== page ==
The Democrat Houston Chronicle June 10, 2005 When relatives of Vivian Shulman Lieberman went to visit her final resting place in a Houston mausoleum one year ago today, they discovered that the cedar chest containing her ashes was missing. In its place, behind the locked, glass door of Lieberman's niche in Congregation Beth Israel's mausoleum, was a can of sour-cream-and-onion potato chips. jaynote: This is not surprising, as Vivian was known for saying "are you hungry? oy, you look so thin. Have a nosh."

Longer Yellow Lights Reduce Accidents

American Chronicle:s : "Longer yellow lights will do more to reduce crashes at intersections than any other method, including the use of red-light cameras, according to a new report. The report from the Texas Transportation Institute is the result of a three year study of 181 intersections using police reports in three Texas cities. The purpose of the research was to determine the most effective solutions for problem intersections. The research revealed that many yellow lights are shorting than the recommended minimum, causing a jump of 110 percent in the number of red-light violations. The finding gave support to motorists who are caught by red-light cameras. They frequently complain that a short yellow light forced them to chose between slamming on the brakes and getting rear-ended and continuing through the intersection. The report concluded that the best way to improve safety statistics at intersections is to lengthen yellow lights to one second more than the minimum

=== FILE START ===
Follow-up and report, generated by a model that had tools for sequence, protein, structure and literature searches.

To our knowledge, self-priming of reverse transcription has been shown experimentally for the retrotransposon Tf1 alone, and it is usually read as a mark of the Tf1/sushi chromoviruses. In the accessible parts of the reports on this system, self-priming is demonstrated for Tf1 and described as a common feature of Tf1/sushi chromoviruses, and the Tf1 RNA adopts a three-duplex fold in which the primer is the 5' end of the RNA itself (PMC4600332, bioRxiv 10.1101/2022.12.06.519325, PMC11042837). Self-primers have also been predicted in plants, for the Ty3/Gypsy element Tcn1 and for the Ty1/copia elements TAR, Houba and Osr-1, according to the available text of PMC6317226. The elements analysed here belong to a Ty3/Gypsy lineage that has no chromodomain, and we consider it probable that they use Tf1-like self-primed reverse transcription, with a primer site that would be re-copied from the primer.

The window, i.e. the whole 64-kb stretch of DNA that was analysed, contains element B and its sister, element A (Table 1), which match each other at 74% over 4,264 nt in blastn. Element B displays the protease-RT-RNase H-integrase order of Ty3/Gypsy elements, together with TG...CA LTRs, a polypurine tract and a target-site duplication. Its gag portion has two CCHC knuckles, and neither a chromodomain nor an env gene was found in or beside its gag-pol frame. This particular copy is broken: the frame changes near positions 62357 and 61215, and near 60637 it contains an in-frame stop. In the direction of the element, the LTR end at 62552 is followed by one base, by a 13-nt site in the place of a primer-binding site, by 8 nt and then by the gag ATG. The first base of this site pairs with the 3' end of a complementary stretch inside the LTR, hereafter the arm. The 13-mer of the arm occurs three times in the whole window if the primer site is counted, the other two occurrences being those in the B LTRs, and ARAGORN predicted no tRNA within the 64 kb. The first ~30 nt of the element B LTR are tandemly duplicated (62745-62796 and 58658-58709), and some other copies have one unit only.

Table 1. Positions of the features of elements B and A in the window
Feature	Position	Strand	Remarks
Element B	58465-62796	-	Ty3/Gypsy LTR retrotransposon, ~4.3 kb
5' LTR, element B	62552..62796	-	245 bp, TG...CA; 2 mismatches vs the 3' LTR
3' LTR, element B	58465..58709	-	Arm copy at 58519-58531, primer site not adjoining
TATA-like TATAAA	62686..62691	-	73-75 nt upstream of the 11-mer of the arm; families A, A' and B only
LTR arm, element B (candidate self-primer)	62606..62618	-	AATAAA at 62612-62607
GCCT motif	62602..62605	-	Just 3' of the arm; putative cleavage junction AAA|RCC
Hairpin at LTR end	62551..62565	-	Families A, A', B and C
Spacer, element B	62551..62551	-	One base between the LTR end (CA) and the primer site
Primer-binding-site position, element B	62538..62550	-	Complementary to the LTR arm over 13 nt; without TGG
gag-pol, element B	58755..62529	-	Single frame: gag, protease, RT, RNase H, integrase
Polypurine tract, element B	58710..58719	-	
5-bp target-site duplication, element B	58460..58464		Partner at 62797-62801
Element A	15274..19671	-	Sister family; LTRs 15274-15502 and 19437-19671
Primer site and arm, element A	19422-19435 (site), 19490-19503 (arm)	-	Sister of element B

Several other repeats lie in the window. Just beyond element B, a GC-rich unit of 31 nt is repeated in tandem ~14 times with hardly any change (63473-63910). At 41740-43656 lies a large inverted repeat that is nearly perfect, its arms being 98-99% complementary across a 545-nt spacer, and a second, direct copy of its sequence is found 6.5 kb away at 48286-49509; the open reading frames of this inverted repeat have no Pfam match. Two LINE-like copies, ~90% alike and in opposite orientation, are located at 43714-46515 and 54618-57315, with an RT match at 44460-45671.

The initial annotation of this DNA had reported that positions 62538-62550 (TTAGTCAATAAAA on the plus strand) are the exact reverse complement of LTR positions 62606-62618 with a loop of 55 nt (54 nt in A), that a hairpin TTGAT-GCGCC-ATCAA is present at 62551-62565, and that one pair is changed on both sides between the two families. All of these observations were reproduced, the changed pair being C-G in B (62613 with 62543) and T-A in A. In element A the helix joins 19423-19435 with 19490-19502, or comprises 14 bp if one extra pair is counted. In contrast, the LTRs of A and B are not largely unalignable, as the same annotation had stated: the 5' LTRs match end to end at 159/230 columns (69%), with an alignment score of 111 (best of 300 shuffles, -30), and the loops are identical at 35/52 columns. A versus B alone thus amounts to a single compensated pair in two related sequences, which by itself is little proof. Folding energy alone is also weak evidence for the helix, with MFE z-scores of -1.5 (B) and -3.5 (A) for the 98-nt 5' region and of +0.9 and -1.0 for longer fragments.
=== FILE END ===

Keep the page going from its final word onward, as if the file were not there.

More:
voices ring the halls

WIL WHEATON dot NET : "This may seem like stupid semantics on my part, but actors are so often misrepresented in the press, I feel it's important to set the record straight here. Residual payments are not profit-sharing. Residual payments are reuse fees that producers pay to actors when they've re-used the actor's performance a certain number of times. For example, when an actor works on a TV show (commercials are a much more complicated beast, so I'll stick with TV for this example) the initial fee that actor earns usually includes one or two re-airings by the producer. If the producer chooses to run the show again, a cycle begins, where the producer pays the actor a residual, or re-use fee, that slowly diminishes over time. The logic behind this is that if producers are re-running an old show, rather than creating a new one, actors have fewer opportunities to work. Also, if a show is re-run very often, the producer will continue to profit from advertising sale